Facebook ‘prefers profit over security’ whistle-blower

John Tiye, the founder of Weisslelow Aid, a law firm that represents people who want to expose possible violations, met with a woman who claims to have worked on Facebook this spring.

The woman told Teye and her team something interesting – she had found tens of thousands of pages of internal documents from the world’s largest social network. She repeatedly called for legal protection and access to confidential information. Mr. Tiye, who understood the seriousness of the woman’s “within minutes,” agreed to represent her and call her “Sian.”

“She’s a very brave person and she is taking personal risks to hold a trillion-dollar company accountable,” she said.

On Sunday, Francis Hawgen described the whistle on Facebook as “Shawn.” Before you left in May, Haugen, a product manager who worked for a civic misinformation group on social media for two years, used the documents he collected to expose how much he knew about the damage caused by Facebook. Legislators, regulators and news media.

In an interview with “60 Minutes” on Sunday, Hawgen, 37, said she was shocked by what she saw on Facebook. She says the company has often put its own interests ahead of the public interest. So she decided to flip through the pages of Facebook’s internal research and do something about it.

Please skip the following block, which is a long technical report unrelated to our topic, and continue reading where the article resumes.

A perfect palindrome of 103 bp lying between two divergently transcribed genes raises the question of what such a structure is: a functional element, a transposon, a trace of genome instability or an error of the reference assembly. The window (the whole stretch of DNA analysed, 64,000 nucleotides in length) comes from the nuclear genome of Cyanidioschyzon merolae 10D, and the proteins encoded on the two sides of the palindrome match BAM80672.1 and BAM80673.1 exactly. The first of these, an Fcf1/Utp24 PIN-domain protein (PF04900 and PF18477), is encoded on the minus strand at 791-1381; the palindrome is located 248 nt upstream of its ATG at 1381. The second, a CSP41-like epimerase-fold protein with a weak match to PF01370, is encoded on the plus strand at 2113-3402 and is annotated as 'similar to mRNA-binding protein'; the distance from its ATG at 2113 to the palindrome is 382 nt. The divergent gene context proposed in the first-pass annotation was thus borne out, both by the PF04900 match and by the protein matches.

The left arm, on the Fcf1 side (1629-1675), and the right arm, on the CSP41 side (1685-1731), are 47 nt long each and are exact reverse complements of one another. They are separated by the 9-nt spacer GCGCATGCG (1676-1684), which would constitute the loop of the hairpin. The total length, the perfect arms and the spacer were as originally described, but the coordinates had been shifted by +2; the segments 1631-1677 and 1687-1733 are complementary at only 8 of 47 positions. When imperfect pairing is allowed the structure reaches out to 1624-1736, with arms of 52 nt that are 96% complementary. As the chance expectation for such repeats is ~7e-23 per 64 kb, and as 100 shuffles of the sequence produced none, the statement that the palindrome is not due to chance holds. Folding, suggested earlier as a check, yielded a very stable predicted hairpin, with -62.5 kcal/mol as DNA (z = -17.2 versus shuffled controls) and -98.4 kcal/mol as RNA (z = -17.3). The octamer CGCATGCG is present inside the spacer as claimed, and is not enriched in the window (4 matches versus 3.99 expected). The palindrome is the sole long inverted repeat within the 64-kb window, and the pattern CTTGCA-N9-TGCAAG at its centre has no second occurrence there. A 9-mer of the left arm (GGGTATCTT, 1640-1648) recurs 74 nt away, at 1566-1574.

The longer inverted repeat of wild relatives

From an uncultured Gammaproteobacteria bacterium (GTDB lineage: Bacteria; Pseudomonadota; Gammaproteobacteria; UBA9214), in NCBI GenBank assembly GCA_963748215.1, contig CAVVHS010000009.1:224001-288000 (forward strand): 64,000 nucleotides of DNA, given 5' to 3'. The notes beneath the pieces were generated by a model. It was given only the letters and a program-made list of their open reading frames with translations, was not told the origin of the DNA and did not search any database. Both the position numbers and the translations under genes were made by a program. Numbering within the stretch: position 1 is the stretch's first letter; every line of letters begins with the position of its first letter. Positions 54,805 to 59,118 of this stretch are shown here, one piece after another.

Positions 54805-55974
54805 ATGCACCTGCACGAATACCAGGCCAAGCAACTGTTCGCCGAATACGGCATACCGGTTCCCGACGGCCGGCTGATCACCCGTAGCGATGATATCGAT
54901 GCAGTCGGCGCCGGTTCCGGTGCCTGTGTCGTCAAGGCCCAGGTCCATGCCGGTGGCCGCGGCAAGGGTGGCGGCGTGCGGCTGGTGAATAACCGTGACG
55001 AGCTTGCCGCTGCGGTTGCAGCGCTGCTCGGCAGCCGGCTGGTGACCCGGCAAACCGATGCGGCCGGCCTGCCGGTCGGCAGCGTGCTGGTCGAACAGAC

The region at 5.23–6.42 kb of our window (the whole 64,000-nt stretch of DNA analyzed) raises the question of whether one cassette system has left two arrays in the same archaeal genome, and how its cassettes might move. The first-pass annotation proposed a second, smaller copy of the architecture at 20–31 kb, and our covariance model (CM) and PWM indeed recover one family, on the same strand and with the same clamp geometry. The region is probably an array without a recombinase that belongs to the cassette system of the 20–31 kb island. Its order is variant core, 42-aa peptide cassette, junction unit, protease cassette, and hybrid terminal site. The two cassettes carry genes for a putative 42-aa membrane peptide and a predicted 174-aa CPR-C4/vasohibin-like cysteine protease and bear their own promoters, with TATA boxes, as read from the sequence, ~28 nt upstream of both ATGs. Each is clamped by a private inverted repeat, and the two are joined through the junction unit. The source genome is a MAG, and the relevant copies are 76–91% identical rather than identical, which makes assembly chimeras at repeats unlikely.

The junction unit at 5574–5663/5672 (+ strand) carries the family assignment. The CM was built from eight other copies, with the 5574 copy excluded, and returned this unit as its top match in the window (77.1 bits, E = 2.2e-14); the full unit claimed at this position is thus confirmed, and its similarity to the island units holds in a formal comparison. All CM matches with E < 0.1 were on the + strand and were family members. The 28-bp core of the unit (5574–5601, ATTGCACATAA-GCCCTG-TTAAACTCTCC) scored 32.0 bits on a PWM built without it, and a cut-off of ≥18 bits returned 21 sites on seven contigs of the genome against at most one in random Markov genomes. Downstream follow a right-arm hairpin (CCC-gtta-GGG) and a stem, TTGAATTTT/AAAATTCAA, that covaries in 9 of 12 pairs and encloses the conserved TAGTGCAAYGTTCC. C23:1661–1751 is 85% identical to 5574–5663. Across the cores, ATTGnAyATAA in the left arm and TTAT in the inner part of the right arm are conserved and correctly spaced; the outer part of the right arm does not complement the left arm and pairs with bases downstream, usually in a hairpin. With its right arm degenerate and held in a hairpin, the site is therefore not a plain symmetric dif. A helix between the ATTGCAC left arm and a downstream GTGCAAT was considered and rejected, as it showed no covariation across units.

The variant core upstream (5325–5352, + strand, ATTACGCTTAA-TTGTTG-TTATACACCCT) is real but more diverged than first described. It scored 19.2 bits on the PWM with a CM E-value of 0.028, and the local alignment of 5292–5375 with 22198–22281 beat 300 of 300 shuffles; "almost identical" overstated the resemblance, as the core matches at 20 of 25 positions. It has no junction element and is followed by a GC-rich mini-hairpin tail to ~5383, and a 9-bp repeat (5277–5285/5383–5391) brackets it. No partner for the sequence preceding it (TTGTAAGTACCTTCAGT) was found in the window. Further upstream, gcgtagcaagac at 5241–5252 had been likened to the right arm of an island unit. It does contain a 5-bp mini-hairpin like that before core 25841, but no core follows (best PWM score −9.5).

“I’ve seen a lot of social media and it’s worse than I’ve ever seen on Facebook,” said Hawgen. “Facebook has repeatedly shown that it prefers profit over security,” he added.

Ms. Hawgen provided several documents to the Wall Street Journal, which began publishing the findings last month. Revelations: Facebook has been criticized by lawmakers, regulators and the public, including the fact that Facebook is aggravating the issue of body image in adolescence and the existence of a two-tier justice system.

Ms. Haugen complained to the Securities and Exchange Commission that Facebook had misled investors with public statements that were inconsistent with its internal affairs. And as a legislator, she spoke with Senec Richard Bluemental, Connecticut Democrat and Tennessee Republican Sen. Marsha Blackburn, and sub-sections of the documents.

Haugen’s focus is on growing bright. On Tuesday, Congress is scheduled to witness the impact of Facebook on young users.

Ms. Hawgen’s actions were a sign of how Facebook was leaking. As the company grew to more than 63,000 employees, some were dissatisfied with data privacy, misinformation, and hate speech.

A.D. In 2018, outraged former consulting firm Cambridge Analytics employee Christopher Willie set the stage for those leaks. Mr Willie told The New York Times, The London Observer and The Guardian that Cambridge Analytics had misappropriated Facebook data to build voter profiles without users’ consent.